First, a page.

Q: what weight jig should I use?
A: generally use 100g per 100' of water. i.e. 300g jig for 900'. You might need more weight on a windy day or if there is a current running.
Q: where should I tie to the jig?
A: usually at the head of the jig where the assist hook is.
A: usually one at the head of the jig. You could add a second hook also at the top or at the bottom but you increase chances of tangling with the leader if jigged too vigourously.
Q: I dont have the specialist gear, can I still jig?
A: you can successfully jig with what ever gear you have, but you will jig much easier and better with suitable gear. You will soon know when it is time for a tackle upgrade.
Q: why do some jiggers use rubber bands to tie down the assist hook?
A: as the jig drops, it will be attacked by target fish but will not hookup since the assist hook is trailing behind the jig away from the strike zone. A simple way to rectify is to rubber band the assist hook to the side of the jig, that way the hook will always be in position. Another is to attach a second assist hook to the bottom of the jig.
Q: are rubber bands recommended?
A: this is a decison for the jigger to make. Banding the hook will stop the hook from swinging into the mouth of a predator like Grouper & John Dory. Many Asian jiggers belive that predators also attack the assist hook and so it should have free movement.
Q: are high speed 6:1 reels neccessary for jigging?
A: No, in fact I recommend slower reels with 4:1 to 5:1 gears for greater power to wind in heavy jigs and fight big fish. Modern Japanese style jigs are designed to give good action at moderate jig speeds.
Q: which is better - spinning or overhead reels?
A: this decision is up to the individual. Both types of reels are used very successfully for jigging around the world. Which ever reel you chose, you should match it to an appropriate rod.
Q: how should I attach the leader to the braided line?
A: best way is to learn the preferred knots the Japanese have developed e.g. PR knot, FG knot, GT knot, Midknot. These knots result in a very strong streamlined knot that can be wound onto the reel, this way you will have a true wind-on leader which is necessary for jigging. Check our section "articles" for knots. A quick familiar knot is the uni - uni knot but you should tie a bimimi twist in the braid to give you the doubled line to begin with.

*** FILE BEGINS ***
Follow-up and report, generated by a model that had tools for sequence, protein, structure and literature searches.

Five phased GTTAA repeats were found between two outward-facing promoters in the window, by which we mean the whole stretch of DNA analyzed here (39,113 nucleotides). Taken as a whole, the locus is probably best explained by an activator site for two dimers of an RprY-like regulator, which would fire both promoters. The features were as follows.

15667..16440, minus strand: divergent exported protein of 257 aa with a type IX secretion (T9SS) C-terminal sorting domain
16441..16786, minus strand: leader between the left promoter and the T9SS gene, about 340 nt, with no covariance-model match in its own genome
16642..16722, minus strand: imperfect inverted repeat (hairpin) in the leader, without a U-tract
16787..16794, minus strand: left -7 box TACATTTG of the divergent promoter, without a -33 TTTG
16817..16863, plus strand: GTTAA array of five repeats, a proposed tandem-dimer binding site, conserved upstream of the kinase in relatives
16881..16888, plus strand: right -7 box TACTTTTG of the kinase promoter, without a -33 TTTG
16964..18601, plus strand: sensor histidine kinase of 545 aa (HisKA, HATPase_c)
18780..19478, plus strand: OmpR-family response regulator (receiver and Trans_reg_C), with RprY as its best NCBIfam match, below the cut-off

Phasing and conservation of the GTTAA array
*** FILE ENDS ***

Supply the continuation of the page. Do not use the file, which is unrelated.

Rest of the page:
Q: how far up the water column should I jig to?
A: this depends very much on where the fish are seen on the sounder. Generally I jig from the bottom up to 10m for Hapuka (Grouper) and 20m for Yellowtail Kingfish. This way you are targetting the zone that these fish normally inhabit although Kingfish can be found throughout the water column.
Q: what jig color should I use?
A: color choice is usually by personal preference. A good guide is to match jig color to overhead light conditions i.e. dull overcast day - dark colors; bright day - silver, chartreuse colors; early morning or late evening - black, purple or luminous colors. It's always a good idea before the first drop to get all jiggers to use a different color in case there is a hot color. You can all switch to that color later.
Q: how do I decide when to use a centre weighted jig versus a tail weighted jig?
A: centre weighted jigs have a fluttery falling action and are best used in shallower waters. Tail weighted jigs are best for deeper water where you need to get down quickly for small targets and defeat the effects of current and drift. Both jigs can be worked quickly for Kingfish or slowly for Hapuka (Grouper) and Snapper.
A: braided line is mandatory for modern jigging. Because we can now jig in very deep water a non-stretch line is neccesary. With braided line, every rod movement will reflect in a similar movement at the jig. Also compact braid means we can now use smaller, lightweight but powerful reels.